BAT continues to be affected by black market

by RAHIMI YUNUS / pic by TMR

ILLICIT cigarettes and vapes continue to affect the top and bottom lines of tobacco companies, such as British American Tobacco (M) Bhd (BAT) which saw volume in its 2020 fiscal year declined by 8%.

According to an exchange filing yesterday, the group’s net profit in the fourth quarter ended Dec 31, 2020 (4Q20), dropped by 25.6% year-on-year to RM72.7 million from RM97.7 million last year.

Revenue in 4Q20 fell slightly from RM662.4 million a year ago to RM660.2 million.

For the full year, BAT’s net profit declined by 30% to RM241.8 million from RM345.7 million.

“Full-year 2020 performance was overshadowed by the growth of the tobacco and vaping black market which grew to 70%. The crisis has been underscored by Euromonitor International, stating in October that Malaysia had the highest illegal tobacco incidence in the world,” the company said in the announcement yesterday.

The group said it firmly believes significant enforcement and structural excise reforms are urgently needed to tackle the tobacco black market.

In the 4Q20, BAT stated that legal domestic industry volume remained flat compared to the preceding quarter as the tobacco black market continued to record a high illegal cigarette incidence at 64%.

The group’s volume, however, outperformed the legal domestic industry with a growth of 3% over the previous quarter to register a 52.4% market share.

It said the performance was mainly driven by market leader Dunhill and strong results of its value for money (VFM) portfolio with Rothmans International plc and KYO.

BAT said its duty-free business operations remained impacted by Covid-19 travel restrictions that continued in 4Q20.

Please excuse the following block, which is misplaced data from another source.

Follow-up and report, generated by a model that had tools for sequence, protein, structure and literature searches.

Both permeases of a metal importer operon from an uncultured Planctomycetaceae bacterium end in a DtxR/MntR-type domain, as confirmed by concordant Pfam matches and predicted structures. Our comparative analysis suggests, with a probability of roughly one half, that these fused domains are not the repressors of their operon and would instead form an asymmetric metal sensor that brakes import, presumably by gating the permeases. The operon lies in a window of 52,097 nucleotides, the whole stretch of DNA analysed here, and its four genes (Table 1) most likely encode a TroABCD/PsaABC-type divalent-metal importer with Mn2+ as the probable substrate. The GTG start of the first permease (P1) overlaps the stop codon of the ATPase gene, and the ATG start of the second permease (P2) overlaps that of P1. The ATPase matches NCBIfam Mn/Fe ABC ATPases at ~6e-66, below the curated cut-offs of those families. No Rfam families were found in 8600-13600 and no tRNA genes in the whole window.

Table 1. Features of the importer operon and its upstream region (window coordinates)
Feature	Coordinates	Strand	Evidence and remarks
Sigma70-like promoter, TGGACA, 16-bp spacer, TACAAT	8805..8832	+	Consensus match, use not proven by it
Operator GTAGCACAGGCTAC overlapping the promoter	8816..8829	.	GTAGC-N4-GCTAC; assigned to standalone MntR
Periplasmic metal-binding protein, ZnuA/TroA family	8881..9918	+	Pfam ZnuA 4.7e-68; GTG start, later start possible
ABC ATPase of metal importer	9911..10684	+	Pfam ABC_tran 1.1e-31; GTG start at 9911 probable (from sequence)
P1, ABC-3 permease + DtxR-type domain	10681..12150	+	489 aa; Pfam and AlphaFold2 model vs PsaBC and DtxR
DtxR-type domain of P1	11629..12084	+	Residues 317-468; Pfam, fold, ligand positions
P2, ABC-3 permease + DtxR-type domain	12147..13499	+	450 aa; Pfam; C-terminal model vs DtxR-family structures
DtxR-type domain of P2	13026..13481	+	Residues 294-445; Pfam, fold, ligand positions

“BAT proved to be resilient in 2020, with strong signs of improved quarter-on-quarter performance. Based on our 4Q results, we successfully delivered three consecutive quarters of growth in profit from operations,” MD Jonathan Reed said in a statement yesterday.

In 2021, Reed said the company expects the levels of black market cigarettes in Malaysia to remain high as the bottom 40% and middle 40% income groups will be facing financial pressures due to the prolonged Movement Control Order.

He said these segments may turn to cheaper black market alternatives because they cannot afford legal cigarettes.

In the exchange filing, the group said it has robust plans for 2021 to get back to growth, including strategies to strengthen its premium leadership and leading in VFM, by offering a robust portfolio in the segment to capture its fair share of down traders as a result of consumer affordability stretch given the economic slowdown.

BAT said growth will be very much dependent on the recovery of the legal cigarette market, a regulated nicotine landscape and a resolution to the affordability issues affecting consumers.

“The group is unable to compete against the black market without significant enforcement and effective excise reform by the government,” it added.


Read our previous report here

Malaysia’s RM2.27b vape industry too substantial to remain unregulated